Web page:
Is it allowed to copy unnamed semaphores in POSIX?

Issue

POSIX has the notion of unnamed (memory-based) semaphores. These are initialized at some memory location with sem_init, and then we can use them with sem_post and sem_wait. I am wondering whether it is acceptable to copy the "semaphore handle" to some other memory location and then use it as a normal, independent, well-initialized semaphore.

In other words, is it legal to do:

#include "semaphore.h"

int main()
{
  sem_t s1;
  sem_init(&s1, 0, 1); /* Initialize unnamed semaphore */

  sem_t s2 = s1; /* Copy to some other memory location */
  sem_wait(&s2); /* Lock on the semaphore */
  sem_post(&s2); /* Release the lock */ 
  
  return 0;
}

This seems to work on Linux completely fine, without problems. In glibc, the semaphore seems to just be 2 or 3 integers, with atomic instructions being used to make sure the that it is thread- (or even process-) safe: https://github.com/bminor/glibc/blob/6c2f050dbe11fb4ed0a401a5f25731f2aa53046b/htl/pt-internal.h#L333 So, if I copy the semaphore, it will just copy the current state of it (its value) and that is fine.

However, I am wondering whether this might be just accidental, and we cannot rely on this behaviour on other POSIX implementations.

For example, I found that in the FreeRTOS+POSIX layer (https://freertos.org/FreeRTOS-Plus/FreeRTOS_Plus_POSIX/index.html), this is not valid, because its semaphores are implemented on top of FreeRTOS semaphores, and the FreeRTOS kernel keeps track of the addresses of initialized semaphores. So, it is not possible to just blindly copy a semaphore handle to a different memory location and use it then. Of course, note that the FreeRTOS+POSIX library does not claim to be POSIX-compliant, and it only implements a small subset of the POSIX API, so this is just an example.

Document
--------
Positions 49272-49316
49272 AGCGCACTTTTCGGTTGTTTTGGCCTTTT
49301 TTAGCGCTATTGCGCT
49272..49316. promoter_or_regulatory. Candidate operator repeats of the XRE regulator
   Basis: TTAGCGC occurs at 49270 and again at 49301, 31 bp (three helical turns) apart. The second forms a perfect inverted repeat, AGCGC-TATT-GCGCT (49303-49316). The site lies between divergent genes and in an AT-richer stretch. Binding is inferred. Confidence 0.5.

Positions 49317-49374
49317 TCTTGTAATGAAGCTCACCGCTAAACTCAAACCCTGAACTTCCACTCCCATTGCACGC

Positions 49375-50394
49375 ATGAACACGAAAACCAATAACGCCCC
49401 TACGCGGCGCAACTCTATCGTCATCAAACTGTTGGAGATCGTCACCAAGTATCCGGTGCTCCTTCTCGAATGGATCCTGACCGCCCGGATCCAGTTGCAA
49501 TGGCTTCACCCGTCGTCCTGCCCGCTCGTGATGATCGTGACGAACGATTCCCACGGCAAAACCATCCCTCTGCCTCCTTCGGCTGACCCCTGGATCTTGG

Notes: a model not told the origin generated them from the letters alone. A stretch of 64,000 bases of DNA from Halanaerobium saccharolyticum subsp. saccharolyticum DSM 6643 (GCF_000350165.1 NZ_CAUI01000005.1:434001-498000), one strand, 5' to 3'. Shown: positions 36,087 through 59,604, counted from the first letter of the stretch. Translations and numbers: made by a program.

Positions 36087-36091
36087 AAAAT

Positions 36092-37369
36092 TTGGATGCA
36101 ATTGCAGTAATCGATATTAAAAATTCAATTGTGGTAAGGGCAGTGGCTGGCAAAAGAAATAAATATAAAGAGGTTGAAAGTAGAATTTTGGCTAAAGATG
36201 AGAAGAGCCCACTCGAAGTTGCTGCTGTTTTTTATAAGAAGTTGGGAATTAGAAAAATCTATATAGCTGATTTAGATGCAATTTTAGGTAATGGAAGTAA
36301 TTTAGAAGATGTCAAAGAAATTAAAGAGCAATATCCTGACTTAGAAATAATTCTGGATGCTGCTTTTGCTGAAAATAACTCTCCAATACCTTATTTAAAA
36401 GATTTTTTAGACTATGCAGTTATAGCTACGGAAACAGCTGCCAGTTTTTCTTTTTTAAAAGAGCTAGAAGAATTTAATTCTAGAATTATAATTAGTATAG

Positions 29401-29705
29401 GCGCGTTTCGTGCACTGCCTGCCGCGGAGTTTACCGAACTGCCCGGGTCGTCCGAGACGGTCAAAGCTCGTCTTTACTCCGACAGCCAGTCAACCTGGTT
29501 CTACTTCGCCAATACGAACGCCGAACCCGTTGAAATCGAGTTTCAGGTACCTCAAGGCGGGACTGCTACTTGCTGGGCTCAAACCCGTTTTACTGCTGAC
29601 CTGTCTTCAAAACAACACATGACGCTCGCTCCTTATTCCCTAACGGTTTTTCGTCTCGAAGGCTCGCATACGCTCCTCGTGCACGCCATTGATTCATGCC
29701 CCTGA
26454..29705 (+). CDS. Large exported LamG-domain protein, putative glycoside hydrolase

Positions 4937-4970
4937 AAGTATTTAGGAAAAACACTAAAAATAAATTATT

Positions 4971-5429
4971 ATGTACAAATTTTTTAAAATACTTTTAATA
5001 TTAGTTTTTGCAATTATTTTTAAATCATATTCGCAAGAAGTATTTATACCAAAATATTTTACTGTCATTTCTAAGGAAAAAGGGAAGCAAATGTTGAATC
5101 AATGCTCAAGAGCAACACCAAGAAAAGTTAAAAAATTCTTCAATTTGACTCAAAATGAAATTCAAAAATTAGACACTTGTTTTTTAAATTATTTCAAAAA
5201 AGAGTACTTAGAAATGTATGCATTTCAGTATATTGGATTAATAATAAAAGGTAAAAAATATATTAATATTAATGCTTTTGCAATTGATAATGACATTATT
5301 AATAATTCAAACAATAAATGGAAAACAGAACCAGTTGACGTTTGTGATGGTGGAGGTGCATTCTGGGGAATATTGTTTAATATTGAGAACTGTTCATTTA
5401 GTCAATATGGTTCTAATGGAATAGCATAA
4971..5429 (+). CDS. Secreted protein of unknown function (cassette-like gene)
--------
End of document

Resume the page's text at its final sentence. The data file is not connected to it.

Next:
I was not able to find any mention of this behaviour in the official POSIX docs.

Solution

The POSIX specification mentions:

For barriers, condition variables, mutexes, and read-write locks, if the process-shared attribute is set to PTHREAD_PROCESS_PRIVATE, only the synchronization object at the address used to initialize it can be used for performing synchronization. The effect of referring to another mapping of the same object when locking, unlocking, or destroying the object is undefined. If the process-shared attribute is set to PTHREAD_PROCESS_SHARED, only the synchronization object itself can be used for performing synchronization; however, it need not be referenced at the address used to initialize it (that is, another mapping of the same object can be used). The effect of referring to a copy of the object when locking, unlocking, or destroying it is undefined.

So, to be POSIX compliant, the copy is not allowed.

Answered By – Rachid K.

This Answer collected from stackoverflow, is licensed under cc by-sa 2.5 , cc by-sa 3.0 and cc by-sa 4.0

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